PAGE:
Advice for character concept art


A member recently asked a question about what makes good character concept art. I posted a fairly detailed reply, getting into the various aspects of what good concept art involves. I’m reposting it here in case some of you don’t visit the GD section much:

[color=YellowGreen]Character design consists of different elements, and you should master them all if you want to be a good character designer.[/color]

[color=YellowGreen] The most essential and basic element is conveying the personality of the character. You need to study how different facial features, facial contours, hairstyles, body shapes, clothing…etc contribute to the overall “vibe” of the character. For example, let’s say you have two female characters–one is a young military officer in civilian clothes–she’s home visiting her family, the other is the same age–a tomboy from next door who grew up with 3 brothers. Now, both have something about them that makes them different from the average female–something a bit more masculine, but how do you differentiate them in design so we can immediately tell which is the military officer and which is the tomboy? You have to consider their life experiences, what they went through, how their lifestyles dictate how they dress, carry themselves, groom, and affect their facial expressions. And let’s say they are both supposed to be attractive, how would you design them so they aren’t just typical attractive females, but also convey their backgrounds and personality so we can see something in them that expresses their strength and character? And how would growing up with 3 brothers be different from having gone through military training with a bunch of macho guys? How would all of this be reflected in the visual design of these two characters?[/color]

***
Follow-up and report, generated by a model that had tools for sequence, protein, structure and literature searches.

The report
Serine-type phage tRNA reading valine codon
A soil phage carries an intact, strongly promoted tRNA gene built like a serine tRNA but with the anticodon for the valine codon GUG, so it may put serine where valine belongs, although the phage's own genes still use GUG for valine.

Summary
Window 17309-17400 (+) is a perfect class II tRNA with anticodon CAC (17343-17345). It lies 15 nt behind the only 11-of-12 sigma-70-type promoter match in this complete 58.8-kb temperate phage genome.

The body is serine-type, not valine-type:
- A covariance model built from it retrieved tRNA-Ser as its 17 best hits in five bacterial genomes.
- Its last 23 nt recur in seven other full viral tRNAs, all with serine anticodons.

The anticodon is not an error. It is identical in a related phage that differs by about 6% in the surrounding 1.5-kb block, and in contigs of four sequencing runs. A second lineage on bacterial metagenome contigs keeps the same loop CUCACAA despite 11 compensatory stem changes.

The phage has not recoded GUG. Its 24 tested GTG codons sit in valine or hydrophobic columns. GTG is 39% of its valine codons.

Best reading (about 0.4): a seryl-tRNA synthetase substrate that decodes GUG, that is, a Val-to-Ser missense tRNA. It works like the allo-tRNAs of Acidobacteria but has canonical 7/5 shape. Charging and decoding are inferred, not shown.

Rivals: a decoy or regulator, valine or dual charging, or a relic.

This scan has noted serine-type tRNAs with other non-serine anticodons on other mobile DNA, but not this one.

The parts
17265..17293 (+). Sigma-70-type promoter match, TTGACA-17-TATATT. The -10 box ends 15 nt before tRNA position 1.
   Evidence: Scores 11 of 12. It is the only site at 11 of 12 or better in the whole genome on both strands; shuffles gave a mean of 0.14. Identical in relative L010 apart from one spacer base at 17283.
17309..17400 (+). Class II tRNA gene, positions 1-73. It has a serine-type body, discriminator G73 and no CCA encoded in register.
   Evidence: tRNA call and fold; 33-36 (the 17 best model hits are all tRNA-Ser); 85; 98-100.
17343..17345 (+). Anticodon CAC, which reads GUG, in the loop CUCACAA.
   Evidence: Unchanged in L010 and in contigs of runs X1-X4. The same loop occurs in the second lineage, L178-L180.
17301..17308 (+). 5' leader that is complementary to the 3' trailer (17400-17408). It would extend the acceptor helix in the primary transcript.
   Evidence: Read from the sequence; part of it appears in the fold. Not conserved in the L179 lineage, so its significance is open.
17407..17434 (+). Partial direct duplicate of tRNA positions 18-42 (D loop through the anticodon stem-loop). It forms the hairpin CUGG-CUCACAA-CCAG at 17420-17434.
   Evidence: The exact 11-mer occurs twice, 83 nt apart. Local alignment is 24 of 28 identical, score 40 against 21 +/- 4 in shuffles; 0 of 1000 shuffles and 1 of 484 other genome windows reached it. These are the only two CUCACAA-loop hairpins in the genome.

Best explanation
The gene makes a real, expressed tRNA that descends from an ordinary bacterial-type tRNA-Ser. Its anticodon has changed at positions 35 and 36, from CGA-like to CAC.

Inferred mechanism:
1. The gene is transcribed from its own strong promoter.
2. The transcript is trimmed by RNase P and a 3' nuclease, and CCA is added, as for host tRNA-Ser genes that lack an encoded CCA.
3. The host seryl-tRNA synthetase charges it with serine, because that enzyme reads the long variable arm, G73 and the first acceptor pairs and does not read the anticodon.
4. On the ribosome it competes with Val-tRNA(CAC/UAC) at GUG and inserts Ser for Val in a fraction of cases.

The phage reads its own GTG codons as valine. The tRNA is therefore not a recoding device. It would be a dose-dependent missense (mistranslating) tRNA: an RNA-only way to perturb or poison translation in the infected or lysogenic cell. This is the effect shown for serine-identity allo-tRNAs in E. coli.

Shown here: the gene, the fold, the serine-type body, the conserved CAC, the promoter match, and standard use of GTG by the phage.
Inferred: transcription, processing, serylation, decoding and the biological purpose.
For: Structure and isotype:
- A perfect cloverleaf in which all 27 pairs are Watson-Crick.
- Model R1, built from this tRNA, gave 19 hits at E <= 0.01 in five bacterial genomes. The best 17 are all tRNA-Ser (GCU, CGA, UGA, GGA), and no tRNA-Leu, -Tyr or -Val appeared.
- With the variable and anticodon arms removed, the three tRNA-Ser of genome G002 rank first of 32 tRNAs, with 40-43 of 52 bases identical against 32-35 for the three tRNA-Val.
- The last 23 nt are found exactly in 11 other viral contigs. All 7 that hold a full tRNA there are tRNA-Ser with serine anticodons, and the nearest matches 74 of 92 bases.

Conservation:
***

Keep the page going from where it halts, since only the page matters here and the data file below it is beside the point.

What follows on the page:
[color=YellowGreen] The second element is logic and common sense. You must understand how and why people dress the way they do, why uniforms must function a certain way, or why armors must articulate a certain way. Don’t design some sexy chick wearing skimpy outfits if she lives in a very cold area–that’s one of the most common mistakes that shallow artists make. Yes, sex sells, but you don’t have to be at that level of crassness in order to convey sexiness. [/color]

[color=YellowGreen] Same thing with hairstyles. Think about what the character does for a living and for hobbies. Would long hair even be practical or safe? Would long hair even be allowed? Would long bangs be distracting for the job/hobby if it constantly falls in front of the person’s eyes? [/color]